Florida’s First District Court of Appeal Allows Child’s Wrongful Death Suit to Continue

Personal injury and wrongful death actions often use expert witnesses to help explain complex matters to the jury about the extent of the injury, or the cause of the injury. To qualify as an expert witness, Florida requires the person testifying to meet the established criteria of § 90.702, Fla. Stat. (2014). The expert must have the knowledge, skill, experience, training, or education required to relay an opinion to the fact-finders based on sufficient facts or data, applying reliable principles and methods to the facts of the case.

The state’s First District Court of Appeals issued an opinion at the end of last year, Baan v. Columbia County (1D15-0092), which reviewed a lower court’s decision to exclude the expert witness testifying for the estate of a deceased child. The expert was called by the estate to testify about the standard of care that should have been used by the county’s emergency medical services (EMS) when they responded to a call reporting an infant struggling to breathe. The trial judge, upon the motion of the defendants, excluded his testimony, which led to the dismissal of the estate’s case through summary judgment. The estate appealed, and the appellate court determined whether the exclusion of the witness and the dismissal of the case were improper.

EMS was called to respond to an 11-month-old child in respiratory distress, who was then in the care of an aunt. They arrived but left the scene within 10 minutes of arriving after showing the aunt how to use a nebulizer. A neighbor testified that the child was not examined and that she held him the whole time, but EMS had a report stating that the child was examined and had normal vital signs. This report also relayed that EMS personnel were told the child had been diagnosed with asthma and concluded that the child likely had an asthma attack prior to their arrival. A note was additionally made that the child had throat congestion, which was cleared upon coughing.

Less than an hour after EMS left, another 911 call was made, saying the child was not breathing at all. A neighbor, who was a trained emergency medical technician, testified that the child was lying on the floor face up with his face turning blue, and he turned him over to let the large amounts of mucus and fluid drain from his mouth and nose. EMS arrived again and later described the child similarly. On this run, the child was taken to a hospital and placed on a mechanical ventilator. Despite these efforts, the child died the next day.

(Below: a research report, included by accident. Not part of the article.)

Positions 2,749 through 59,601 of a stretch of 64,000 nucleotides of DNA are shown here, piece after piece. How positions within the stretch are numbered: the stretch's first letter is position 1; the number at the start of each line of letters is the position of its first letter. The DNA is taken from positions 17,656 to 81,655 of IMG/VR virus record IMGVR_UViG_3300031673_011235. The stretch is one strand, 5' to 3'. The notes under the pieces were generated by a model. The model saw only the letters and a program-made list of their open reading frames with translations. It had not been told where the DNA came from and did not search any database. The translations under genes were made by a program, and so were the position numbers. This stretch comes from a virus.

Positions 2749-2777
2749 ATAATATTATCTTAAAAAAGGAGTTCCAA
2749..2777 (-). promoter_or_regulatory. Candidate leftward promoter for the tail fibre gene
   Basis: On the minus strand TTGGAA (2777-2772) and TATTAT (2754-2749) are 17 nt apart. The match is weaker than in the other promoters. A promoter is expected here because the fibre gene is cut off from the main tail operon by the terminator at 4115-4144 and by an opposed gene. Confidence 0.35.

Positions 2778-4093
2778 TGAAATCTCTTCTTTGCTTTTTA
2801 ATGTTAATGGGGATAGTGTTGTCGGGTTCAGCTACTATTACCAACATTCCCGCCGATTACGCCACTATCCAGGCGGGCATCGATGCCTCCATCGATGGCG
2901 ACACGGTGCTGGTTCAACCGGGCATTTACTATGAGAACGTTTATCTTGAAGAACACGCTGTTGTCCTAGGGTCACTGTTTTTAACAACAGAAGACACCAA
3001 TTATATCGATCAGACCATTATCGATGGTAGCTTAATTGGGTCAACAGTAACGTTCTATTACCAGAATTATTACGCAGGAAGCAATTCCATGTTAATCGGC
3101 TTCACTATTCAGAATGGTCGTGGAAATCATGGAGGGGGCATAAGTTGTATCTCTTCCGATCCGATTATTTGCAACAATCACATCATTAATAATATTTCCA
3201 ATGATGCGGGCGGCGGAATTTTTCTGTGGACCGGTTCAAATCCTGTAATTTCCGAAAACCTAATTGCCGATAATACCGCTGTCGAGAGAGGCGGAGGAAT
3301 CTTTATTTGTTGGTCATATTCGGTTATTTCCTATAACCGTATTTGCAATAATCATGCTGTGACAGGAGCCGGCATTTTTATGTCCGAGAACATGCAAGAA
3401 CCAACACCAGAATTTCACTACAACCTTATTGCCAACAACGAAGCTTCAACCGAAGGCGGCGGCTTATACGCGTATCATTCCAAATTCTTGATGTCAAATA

The estate’s expert, after reviewing the testimony and the medical records of the child, concluded that EMS breached the current professional standard of care by not putting the child in the ambulance with oxygen during the first run and taking the child to the hospital. The expert opined that had this been done, the child would have survived. The expert pointed out that the failure to do so went against the EMS’ own protocol for “respiratory distress.” The expert determined that the child should have been taken to a hospital on the first run, based on his history of asthma and his inability, as an 11-month-old, to verbalize any need for help.

The trial court agreed with the defendants’ motion to exclude him as a witness, but the appellate court reversed this decision, finding the doctor to be well-qualified to testify as an emergency physician with over 30 years of experience. The appellate court also found that the doctor used reliable methods and based his opinion on the the evidence available. The Court of Appeals felt the trial court over-stepped its role, stepping into the shoes of the jurors, who are given the task of weighing the credibility of the testimony against all the evidence. The case was remanded back to the trial court, and the estate is now allowed to pursue the action once again.

The Florida wrongful death attorneys at Donaldson & Weston can aggressively pursue your case so that you can hold the at-fault parties accountable through the civil court system. For a free, confidential consultation, contact our office at 772-266-5555 or 561-299-3999.

More Blog Posts:

Florida District Appeals Court Reviews Notice Requirements for Insured to Receive Personal Injury Protection Benefits, South Florida Injury Lawyer Blog, October 13, 2015

Knowing How a Rejection of Uninsured/Underinsured Auto Insurance Coverage in Florida Affects You and Your Family, South Florida Injury Lawyer Blog, October 6, 2015